UNIX/Linux and Windows: The Power of an Integrated, All-in-On, Familiar Environment
July, 2006 © 2006 Clabby Analytics Page
Further, these Unix/Linux/Windows toolkits can be used to build scripts that can operate across platforms toautomate business process flows across heterogeneous systems. And they can be used as “one-off” tools for building applications that run on Unix, Linux, and Windows.
Why Use Integrated, Cross-Platform Interoperability Tools?
There are several business reasons why an enterprise might focus on integrating (orbridging) UNIX and Windows environments. But the top three business benefits thatcan be derived by so doing are:1.
The ability to reduce management costs;2.
The ability to automate redundant tasks; and,3.
To smooth business process flows in order to create operational efficiencies.To reduce management costs, enterprises must reduce management complexity. Thiscan be done by using a common, consistent scheme to manage both environments.Less complex systems are easier to manage
and often require less skilled (andtherefore less costly) individuals to perform management functions.By automating redundant tasks, systems take on labor responsibilities previouslyperformed manually. The more tasks that can be automated, the more money anenterprise can save.Finally, applications and data often reside on disparate UNIX, Linux, and Windowssystems. Enterprises that can tie these systems together using cross-platform scriptsthat enable applications and databases to work together harmoniously can more easilyflow information across their information systems than those that don’t. Cross-platform process flow enables greater business process flow efficiency which, in turn,results in greater profitability and increased competitiveness.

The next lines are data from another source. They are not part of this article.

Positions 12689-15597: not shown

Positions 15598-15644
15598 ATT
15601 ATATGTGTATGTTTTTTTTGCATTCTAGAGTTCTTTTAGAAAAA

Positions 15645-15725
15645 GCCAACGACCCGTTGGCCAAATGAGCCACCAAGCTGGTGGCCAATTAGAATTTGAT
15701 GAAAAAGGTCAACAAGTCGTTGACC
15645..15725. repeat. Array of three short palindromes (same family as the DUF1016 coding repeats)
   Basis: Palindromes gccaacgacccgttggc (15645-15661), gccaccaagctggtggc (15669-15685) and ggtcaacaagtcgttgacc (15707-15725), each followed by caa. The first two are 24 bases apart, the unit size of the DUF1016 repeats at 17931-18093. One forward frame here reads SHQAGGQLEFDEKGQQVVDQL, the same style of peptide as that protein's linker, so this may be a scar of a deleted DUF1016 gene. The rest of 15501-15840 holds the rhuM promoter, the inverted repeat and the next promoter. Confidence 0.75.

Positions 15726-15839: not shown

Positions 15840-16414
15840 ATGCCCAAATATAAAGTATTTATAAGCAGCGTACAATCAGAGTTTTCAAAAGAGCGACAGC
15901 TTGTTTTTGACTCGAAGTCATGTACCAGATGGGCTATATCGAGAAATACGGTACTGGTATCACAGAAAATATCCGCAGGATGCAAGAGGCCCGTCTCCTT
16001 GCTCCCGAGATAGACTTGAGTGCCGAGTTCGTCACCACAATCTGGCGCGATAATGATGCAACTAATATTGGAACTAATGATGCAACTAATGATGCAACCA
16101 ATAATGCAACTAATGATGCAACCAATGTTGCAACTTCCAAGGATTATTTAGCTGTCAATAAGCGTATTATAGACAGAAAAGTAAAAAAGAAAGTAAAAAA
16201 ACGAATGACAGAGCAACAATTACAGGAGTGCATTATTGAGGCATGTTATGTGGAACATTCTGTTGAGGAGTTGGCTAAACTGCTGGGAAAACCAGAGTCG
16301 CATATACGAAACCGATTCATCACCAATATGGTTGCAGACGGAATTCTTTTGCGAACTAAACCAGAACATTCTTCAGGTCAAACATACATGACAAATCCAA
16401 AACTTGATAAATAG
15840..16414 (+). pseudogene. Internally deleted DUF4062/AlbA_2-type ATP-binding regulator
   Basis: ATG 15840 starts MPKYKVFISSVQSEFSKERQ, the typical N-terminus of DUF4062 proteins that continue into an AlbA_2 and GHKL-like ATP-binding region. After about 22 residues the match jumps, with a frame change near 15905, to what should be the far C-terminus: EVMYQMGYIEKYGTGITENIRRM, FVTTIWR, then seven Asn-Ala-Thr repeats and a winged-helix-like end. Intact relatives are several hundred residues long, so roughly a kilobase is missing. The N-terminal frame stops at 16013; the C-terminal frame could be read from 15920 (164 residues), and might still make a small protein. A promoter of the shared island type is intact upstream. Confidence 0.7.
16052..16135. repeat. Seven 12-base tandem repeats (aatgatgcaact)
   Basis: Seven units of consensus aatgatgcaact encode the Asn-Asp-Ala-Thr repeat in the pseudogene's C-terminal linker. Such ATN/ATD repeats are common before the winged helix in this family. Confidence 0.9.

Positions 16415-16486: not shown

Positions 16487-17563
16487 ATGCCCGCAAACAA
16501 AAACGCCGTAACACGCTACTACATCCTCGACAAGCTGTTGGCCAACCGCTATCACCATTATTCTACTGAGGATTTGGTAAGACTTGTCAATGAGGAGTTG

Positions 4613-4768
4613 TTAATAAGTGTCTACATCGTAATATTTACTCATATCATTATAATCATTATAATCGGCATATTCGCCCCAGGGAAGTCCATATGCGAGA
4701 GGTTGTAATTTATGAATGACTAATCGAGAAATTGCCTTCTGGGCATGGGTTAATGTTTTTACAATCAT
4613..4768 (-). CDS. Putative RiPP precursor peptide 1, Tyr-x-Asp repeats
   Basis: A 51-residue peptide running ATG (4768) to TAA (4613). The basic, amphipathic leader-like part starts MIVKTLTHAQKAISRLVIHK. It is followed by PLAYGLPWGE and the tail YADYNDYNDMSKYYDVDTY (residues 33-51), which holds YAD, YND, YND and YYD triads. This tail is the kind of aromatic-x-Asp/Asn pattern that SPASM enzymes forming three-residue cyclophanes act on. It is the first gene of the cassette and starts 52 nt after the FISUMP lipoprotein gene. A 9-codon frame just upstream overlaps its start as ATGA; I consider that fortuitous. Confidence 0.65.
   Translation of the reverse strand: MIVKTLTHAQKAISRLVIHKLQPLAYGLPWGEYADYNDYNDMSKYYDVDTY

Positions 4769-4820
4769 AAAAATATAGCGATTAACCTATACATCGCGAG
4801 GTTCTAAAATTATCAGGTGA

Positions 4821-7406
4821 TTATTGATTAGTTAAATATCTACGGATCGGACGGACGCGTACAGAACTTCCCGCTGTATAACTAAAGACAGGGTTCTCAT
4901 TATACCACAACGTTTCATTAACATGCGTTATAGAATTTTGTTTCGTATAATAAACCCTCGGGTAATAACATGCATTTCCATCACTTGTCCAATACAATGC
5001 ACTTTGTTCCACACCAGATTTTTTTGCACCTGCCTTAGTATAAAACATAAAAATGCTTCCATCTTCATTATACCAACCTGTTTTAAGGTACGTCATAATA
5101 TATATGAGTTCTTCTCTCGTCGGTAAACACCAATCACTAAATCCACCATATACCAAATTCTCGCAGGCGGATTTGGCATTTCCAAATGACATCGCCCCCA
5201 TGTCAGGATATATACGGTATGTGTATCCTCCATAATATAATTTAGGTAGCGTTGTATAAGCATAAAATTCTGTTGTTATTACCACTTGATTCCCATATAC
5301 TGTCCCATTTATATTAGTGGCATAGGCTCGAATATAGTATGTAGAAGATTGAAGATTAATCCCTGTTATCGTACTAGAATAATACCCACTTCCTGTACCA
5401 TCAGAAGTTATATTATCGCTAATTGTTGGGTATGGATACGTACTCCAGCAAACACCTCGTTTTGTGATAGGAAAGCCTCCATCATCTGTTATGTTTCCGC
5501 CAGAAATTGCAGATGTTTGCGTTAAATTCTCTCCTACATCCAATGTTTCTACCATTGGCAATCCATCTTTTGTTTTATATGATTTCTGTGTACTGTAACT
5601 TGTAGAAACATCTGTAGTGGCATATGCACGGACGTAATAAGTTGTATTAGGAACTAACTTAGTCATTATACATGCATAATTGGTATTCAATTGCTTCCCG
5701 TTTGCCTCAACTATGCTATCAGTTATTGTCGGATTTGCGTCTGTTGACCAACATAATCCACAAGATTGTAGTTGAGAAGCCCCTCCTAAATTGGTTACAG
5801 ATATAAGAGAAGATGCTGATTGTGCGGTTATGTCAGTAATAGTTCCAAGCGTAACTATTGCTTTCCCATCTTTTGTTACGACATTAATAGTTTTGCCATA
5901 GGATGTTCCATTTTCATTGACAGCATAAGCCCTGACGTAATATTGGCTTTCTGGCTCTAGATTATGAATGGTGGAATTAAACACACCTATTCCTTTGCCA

Where to Find UNIX/Windows Integration Tools
Building a cross-platform management and automation environment can be quitecomplex. System calls and commands between operating environments differ; eachoperating environment uses different application program interfaces and libraries; andso on… To manage across environments a common set of utilities, tools, and librariesneeds to be built.Fortunately, the vendor and open source communities have already built such a largeset of tools, utilities, programs, and libraries. Application developers, infrastructurespecialists, and operating environment specialists can approach UNIX/Linux andWindows integration using a variety of free, open source tools and utilities
or theycan buy tightly-packaged, complete migration/integration environments from a smallnumber of independent software vendors (ISVs). Each approach has its merits anddemerits.
The Open Source Approach
For those developers who choose to use an open source approach, the primary benefitis that most, if not all the code to be used for UNIX/Windows porting or integration “free”. But, in reality, the only thing that is really free is access to the source code.Making the source code work in each unique environment requires varying degrees of effort (and in the long run can end up costing more than a commercially available,integrated, ISV solution).